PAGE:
Geisel School of Medicine at Dartmouth
PDAC cell-cell communication through membrane tubes: effects on cell survival and tumor progression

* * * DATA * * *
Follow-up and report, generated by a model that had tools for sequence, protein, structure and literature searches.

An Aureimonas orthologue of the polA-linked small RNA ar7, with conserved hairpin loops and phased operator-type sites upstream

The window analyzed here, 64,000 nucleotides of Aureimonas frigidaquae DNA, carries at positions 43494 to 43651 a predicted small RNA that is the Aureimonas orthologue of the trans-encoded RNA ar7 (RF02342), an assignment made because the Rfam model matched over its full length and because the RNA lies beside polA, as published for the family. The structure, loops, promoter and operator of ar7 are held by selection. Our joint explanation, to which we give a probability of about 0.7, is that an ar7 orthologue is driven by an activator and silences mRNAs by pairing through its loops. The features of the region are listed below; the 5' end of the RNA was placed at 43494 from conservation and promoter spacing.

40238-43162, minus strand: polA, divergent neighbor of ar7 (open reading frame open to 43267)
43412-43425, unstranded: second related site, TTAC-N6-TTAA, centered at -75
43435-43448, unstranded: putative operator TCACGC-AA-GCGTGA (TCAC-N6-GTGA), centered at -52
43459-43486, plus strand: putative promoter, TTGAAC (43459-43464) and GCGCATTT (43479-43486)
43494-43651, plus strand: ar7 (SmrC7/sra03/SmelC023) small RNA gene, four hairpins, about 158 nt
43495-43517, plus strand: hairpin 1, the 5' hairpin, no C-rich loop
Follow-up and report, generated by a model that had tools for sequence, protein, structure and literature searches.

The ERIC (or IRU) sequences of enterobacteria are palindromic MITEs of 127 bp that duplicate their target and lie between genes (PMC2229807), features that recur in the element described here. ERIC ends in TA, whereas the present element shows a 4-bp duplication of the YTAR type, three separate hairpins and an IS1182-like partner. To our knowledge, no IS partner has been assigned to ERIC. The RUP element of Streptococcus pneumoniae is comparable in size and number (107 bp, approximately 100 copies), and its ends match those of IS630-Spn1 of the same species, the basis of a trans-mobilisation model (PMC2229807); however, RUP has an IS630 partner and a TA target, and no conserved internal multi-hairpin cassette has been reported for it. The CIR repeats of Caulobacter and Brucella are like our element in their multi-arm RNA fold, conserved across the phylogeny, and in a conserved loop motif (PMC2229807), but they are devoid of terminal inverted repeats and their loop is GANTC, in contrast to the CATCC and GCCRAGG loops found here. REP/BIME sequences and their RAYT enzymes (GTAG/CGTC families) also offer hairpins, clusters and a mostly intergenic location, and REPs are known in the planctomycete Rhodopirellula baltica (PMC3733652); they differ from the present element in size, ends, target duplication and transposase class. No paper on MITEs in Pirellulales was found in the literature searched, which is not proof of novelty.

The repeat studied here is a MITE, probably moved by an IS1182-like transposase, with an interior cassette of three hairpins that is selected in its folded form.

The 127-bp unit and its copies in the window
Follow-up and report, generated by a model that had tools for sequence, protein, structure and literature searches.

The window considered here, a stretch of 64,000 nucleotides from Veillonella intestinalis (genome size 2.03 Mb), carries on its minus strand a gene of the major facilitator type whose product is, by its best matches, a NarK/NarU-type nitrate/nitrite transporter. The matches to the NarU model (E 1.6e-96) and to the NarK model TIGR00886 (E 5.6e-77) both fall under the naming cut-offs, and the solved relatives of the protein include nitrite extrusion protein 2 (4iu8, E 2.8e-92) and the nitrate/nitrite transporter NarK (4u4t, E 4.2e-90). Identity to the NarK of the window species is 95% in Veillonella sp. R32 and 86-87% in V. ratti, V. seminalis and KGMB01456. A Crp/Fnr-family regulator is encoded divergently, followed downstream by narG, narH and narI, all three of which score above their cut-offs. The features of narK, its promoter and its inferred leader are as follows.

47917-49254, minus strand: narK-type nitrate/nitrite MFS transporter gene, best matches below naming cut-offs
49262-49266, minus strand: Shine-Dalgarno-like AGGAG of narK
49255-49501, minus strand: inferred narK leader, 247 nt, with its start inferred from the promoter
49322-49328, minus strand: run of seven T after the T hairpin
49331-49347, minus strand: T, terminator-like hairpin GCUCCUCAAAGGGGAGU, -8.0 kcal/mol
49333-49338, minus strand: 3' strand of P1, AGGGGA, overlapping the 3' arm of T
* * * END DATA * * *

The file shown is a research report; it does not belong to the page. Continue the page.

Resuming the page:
All cells in the body must communicate in order to function. Cancer cells have a particularly acute need to communicate for survival, and communication between cancer cells contributes to their ability to resist chemotherapy or radiation therapy. Several methods of cancer cell communication have been discovered, including intercellular membrane tubules (IMTs). IMTs are finger-like protrusions that can extend long distances and contact other cells. IMT connections are used to pass material or information between cells, aiding in cell survival. Imagine a garden hose connecting two fish tanks, with fish able to pass from one tank to the other through the hose. IMTs serve the purpose of the garden hose. My laboratory has found abundant IMTs in pancreatic cancer cells grown in isolation (after they have been taken out of a tumor), and we have preliminary evidence that IMTs are present in the intact tumor itself. We would use Hirshberg Foundation funding for several purposes. First, we would test whether IMT are present in tumors from a variety of pancreatic tumor patients. If IMTs are universally present in tumors, treatments abolishing IMTs might be effective on all pancreatic cancers. If IMTs are only present in some tumors, we can focus only on these tumors in a more personalized approach. Second, would figure out how IMTs are made and how they transmit information. If we can identify key molecules in these processes, we can design treatments for blocking them. Our goal is to help pancreatic cancer patients by developing new treatment methods.